Dancing better than a pay rise?

A recent UK study from the London School of Economics claimed that a number of sporting and leisure activities can bring people as much happiness as a pay rise. They said that the most rewarding way to spend your spare time was having a boogie – which they said brought as much happiness as having a £1,671 pay rise. This is something I can totally relate to. After a couple of drinks (or at home sober) I’m the first on the dance floor or begging a prospective dance partner to join me. Also I’m one of those drivers that sing the great anthems while driving; my head is bobbing/thrashing and the fingers clicking.

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When all else fails – the faults and fury of parenthood

Don’t take a pill, instead have a strange impulse…

I’m sitting at the kitchen table with a coffee and a book, Lydia Davis’s ‘The Collected Stories of Lydia Davis’.  I’d arrived home only ten minutes earlier after doing the school run and lydia davisI’m basically procrastinating before I start working on the computer. Flicking through the short story collection I pause at the paragraph-long story ‘A Strange Impulse’. A smile creeps onto my face. An ironic smirk actually. The story starts with the narrator looking down from their window and who watches with surprise as shopkeepers cover their ears, and then the narrator observes:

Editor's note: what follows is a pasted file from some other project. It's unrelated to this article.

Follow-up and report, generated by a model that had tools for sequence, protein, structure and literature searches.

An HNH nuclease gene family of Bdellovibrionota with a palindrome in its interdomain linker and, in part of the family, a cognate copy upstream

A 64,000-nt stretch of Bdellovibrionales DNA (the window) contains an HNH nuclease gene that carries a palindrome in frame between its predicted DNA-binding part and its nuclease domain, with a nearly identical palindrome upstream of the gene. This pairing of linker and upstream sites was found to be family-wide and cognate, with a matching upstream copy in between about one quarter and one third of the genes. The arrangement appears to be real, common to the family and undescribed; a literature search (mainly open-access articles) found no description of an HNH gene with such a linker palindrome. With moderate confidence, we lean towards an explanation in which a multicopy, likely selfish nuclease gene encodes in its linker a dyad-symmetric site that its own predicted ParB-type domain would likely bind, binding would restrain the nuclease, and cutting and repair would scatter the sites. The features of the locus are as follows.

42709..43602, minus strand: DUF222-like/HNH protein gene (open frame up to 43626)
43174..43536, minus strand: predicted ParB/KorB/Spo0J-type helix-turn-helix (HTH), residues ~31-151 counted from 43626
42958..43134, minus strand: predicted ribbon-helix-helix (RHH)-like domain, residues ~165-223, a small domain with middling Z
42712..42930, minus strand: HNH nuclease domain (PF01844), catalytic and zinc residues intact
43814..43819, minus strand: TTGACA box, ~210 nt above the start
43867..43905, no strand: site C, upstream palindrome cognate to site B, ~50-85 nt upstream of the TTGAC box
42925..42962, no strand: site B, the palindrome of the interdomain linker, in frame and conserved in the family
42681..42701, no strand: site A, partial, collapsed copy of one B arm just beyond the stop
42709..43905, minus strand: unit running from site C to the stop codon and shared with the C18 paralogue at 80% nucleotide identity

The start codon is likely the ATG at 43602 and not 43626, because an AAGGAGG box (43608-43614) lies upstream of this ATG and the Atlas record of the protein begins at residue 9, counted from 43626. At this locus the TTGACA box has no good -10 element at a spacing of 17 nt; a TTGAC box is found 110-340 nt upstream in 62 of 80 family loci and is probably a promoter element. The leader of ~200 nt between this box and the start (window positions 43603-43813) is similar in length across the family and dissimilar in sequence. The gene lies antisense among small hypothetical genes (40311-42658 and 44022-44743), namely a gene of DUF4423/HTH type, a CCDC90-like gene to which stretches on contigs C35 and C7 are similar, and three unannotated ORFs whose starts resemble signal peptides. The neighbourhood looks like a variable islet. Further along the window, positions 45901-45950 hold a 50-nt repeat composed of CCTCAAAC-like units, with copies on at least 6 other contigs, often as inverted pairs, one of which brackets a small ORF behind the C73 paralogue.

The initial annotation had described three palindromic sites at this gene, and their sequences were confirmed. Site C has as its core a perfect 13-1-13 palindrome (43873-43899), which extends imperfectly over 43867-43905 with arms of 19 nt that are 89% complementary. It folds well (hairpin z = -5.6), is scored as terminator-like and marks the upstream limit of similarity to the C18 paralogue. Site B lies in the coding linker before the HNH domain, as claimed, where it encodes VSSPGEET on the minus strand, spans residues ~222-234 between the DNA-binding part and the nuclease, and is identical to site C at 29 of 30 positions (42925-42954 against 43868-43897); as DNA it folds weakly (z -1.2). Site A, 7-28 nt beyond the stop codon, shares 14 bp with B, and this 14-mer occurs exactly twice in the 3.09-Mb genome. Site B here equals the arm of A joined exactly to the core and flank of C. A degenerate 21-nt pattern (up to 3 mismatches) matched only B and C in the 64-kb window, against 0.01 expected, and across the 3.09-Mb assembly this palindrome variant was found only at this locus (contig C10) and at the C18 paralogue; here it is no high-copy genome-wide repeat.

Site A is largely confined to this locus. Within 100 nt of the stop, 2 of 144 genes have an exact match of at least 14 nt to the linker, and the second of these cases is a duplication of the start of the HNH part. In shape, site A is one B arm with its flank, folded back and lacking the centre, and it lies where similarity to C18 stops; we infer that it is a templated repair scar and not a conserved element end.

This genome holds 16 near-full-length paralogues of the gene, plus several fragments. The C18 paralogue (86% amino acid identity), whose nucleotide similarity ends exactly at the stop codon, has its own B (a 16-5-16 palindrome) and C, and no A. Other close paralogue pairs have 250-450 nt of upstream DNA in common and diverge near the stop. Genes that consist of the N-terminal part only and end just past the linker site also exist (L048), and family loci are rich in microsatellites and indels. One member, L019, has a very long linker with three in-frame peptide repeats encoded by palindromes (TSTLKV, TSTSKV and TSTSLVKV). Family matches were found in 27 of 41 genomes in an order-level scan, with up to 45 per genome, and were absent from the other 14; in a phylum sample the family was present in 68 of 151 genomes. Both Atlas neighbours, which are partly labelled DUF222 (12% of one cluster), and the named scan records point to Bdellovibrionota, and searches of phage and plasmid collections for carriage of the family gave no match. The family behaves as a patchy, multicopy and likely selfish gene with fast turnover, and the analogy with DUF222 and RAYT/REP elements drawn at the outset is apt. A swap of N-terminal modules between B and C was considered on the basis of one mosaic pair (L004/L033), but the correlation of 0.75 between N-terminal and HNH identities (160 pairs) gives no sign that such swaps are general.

“And why were there people in the street running as if pursued by a terrible specter? Soon everything turned to normal: the incident had been no more than a moment of madness during which the people could not bear the frustration of their lives and had given way to a strange impulse.”

And why did I smirk? While driving my daughter and friend to school on my so-called-day-off, (day off from the real job) we became grid-locked, the kind that brings a city to a breaking halt. We weren’t even travelling into the city, just going from one suburb to the next, but still we were caught up regardless. Sitting at intersections and roundabouts I constantly restrain from shouting at impatient drivers and their constant near misses.

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